Following the Council of Nicaea in 325, there remained many unanswered questions; which books are Scriptural, which are not? Does Christ have two wills, one human, and one divine? Is the Holy Spirit equal to the Father and Son? These questions were not going to answer themselves – more councils were in order.
The question of Scripture was answered within a few years. Church tradition generally used the same books any mainstream Christian would find in their Bibles today (with the exception of certain Lutherans). However, there were those who tried to impose apocryphal books, those who tried to condemn certain scriptural books, and those who wrote their own “scriptures.” The Church dearly needed an official list of books to call Scripture. St. Athanasius, the same man who was able to combat the most vicious heresy of the time while still being relatively inexperienced, wrote a letter that contained a list of books he called “canon.” This letter was written in 367, and a canon identical to this was confirmed in an African council not long after. This council proclaimed that no other books should be read aloud in the liturgy – a sharp stand against the heretical books of that time.
The Liturgy, much like the canon of Scripture, underwent many renovations throughout this same period. From the beginnings of the Church, the Liturgy was a collection of prayers which revolved around the reception of the Eucharist. Not surprisingly, they, therefore, took the Liturgy to be of utmost importance. For this reason, these Christians modified the Liturgy from time to time in order to combat heresy. For instance, the Nicene Creed was added to the Liturgy so that all who communicated would have professed the Catholic faith. The Liturgy consisted mainly of these prayers and scripture readings. In the West, the Liturgy (or Mass) adapted to that specific culture and changed to combat western heresies. In the East, the Liturgy adapted to Eastern culture and changed to combat Eastern heresies. These ancient Liturgies are still celebrated in Churches today.
By the 8th century, the use of Icons became a topic for debate. Iconoclasts (those who opposed the use of Icons) and Iconodules (those who supported their use) fought zealously for their respective positions. The Iconoclasts’ main arguments centered around two things: doubts regarding the use of icons in very early Christianity (an absence of icons in very early churches would have been considered a reason to call Iconodules heretics) and the Second Commandment ban on images. The Iconodules countered these arguments with various historical claims, one of which is pointing out that Church tradition counts Luke the Evangelist (the Apostle) as the first Iconographer. The Iconodules countered the biblical argument by referencing the countless Old and New Testament references to iconography. The historical claims of the Iconoclasts have since been shown to be false. However, the biblical and philosophical arguments still cause denominational rifts.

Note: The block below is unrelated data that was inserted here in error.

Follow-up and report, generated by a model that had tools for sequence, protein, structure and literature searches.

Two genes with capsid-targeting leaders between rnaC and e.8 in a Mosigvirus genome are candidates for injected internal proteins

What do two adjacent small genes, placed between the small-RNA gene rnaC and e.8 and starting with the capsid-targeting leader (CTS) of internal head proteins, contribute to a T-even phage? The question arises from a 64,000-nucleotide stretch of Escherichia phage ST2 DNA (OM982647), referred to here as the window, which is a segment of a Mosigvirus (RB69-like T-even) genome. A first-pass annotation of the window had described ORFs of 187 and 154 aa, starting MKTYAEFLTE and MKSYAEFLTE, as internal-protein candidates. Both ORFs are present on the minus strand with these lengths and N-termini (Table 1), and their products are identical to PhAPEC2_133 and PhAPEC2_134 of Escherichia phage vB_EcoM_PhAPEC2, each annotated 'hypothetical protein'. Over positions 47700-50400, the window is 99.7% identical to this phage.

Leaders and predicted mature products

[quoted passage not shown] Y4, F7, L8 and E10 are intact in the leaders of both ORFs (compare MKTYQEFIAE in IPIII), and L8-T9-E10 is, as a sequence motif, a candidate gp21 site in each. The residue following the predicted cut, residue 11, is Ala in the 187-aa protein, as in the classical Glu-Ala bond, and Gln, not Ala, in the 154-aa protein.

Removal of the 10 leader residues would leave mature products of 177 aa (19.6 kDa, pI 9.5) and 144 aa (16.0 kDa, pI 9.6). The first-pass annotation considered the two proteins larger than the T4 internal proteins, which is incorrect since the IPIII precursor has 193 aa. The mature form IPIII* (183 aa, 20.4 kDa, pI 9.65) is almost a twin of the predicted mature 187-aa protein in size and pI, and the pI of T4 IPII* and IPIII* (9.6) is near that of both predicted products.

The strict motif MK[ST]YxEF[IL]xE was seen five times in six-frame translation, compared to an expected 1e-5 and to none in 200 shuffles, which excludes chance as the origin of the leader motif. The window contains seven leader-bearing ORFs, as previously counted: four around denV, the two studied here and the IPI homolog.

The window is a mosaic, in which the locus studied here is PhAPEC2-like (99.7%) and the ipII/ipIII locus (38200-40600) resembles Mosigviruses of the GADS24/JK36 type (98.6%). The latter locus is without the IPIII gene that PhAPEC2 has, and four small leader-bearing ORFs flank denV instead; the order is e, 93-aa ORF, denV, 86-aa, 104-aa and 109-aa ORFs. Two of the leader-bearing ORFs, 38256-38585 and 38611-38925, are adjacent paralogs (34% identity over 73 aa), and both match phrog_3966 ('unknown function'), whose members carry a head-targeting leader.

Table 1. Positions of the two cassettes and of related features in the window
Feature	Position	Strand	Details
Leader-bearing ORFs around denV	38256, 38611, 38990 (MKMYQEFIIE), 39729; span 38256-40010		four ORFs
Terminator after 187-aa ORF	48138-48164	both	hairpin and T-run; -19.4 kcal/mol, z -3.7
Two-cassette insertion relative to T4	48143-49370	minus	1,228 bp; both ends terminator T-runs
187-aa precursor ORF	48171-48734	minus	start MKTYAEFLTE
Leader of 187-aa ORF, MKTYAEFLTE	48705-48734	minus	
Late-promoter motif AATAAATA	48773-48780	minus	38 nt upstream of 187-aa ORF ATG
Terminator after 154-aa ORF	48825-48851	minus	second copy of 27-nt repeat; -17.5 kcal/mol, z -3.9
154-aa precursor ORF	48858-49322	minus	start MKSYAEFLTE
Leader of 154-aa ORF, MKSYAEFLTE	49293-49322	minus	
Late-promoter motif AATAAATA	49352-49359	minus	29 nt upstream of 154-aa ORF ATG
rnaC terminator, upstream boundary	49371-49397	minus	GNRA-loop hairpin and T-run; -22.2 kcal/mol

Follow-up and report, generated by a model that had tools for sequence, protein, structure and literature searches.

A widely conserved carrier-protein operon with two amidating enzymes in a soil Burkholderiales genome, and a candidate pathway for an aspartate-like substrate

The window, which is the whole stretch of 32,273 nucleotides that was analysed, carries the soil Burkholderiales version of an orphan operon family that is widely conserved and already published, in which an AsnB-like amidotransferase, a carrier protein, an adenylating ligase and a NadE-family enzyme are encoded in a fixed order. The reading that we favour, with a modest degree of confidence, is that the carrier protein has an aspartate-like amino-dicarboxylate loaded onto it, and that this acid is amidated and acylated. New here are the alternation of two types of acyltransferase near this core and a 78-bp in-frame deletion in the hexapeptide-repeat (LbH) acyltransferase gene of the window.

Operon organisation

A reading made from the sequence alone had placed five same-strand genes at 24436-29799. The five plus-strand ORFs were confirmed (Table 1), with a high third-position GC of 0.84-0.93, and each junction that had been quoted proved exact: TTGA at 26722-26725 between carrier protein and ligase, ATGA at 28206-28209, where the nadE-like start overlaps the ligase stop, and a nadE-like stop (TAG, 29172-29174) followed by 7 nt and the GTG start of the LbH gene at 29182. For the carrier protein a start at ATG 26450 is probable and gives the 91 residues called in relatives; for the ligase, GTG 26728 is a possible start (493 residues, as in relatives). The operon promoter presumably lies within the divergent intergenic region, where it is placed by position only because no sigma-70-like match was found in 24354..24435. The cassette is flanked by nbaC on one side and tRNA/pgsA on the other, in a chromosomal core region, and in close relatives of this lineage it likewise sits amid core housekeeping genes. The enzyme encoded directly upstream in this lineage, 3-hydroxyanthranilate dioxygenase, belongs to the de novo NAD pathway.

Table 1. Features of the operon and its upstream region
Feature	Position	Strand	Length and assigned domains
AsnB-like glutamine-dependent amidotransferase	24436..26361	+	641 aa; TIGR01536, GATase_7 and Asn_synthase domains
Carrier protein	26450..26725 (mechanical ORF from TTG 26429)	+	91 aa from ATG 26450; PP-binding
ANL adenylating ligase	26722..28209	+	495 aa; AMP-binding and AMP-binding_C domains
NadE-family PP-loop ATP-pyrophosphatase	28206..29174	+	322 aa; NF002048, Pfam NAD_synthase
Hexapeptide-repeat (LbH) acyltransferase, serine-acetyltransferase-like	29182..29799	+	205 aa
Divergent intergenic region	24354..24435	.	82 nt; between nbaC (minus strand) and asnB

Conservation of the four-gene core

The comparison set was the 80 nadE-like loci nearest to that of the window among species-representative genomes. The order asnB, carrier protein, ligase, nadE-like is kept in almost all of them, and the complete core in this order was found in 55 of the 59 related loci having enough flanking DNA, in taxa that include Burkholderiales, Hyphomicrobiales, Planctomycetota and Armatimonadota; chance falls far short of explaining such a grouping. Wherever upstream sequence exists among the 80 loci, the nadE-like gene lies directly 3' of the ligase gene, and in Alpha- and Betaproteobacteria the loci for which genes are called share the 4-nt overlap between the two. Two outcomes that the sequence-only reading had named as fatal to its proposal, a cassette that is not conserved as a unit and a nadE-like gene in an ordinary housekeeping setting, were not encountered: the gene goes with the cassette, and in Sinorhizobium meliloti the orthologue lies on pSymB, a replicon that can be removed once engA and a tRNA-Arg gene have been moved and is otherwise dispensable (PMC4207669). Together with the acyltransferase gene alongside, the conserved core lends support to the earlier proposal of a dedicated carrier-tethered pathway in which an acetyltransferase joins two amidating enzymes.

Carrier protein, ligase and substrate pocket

Most of the doctrinal debate was articulated by Monastics (monks.) Monastic orders in the medieval Church varied, but always consisted of celibacy, prayer, and obedience. Monasticism originated in the early Church, when certain individuals would become hermits in order to live a life of poverty, prayer, and godliness. Similar to John the Baptist, these monks started out as simply hermits who lived in the desert. Once enough people practiced this hermitage, they got together and formed communities. The Rule of St. Benedict became the popular standard for western monasticism, a basic rule of life that governed the monks. The Rule of St. Basil was the standard for many eastern monks. This form of living is maintained in some traditions even in the present day.
The Medieval Church articulated the basic tenants of the Christian Faith, not only in the creed, but also by gathering and preserving the Bible. They established Churches throughout all the known world, and communities of the most prayerful people on earth. From them Christendom today receives Christianity, and through them can one clearly view Christ’s magnificent power.
(Ark of Salvation: Image credits to Uncut Mountain Supply)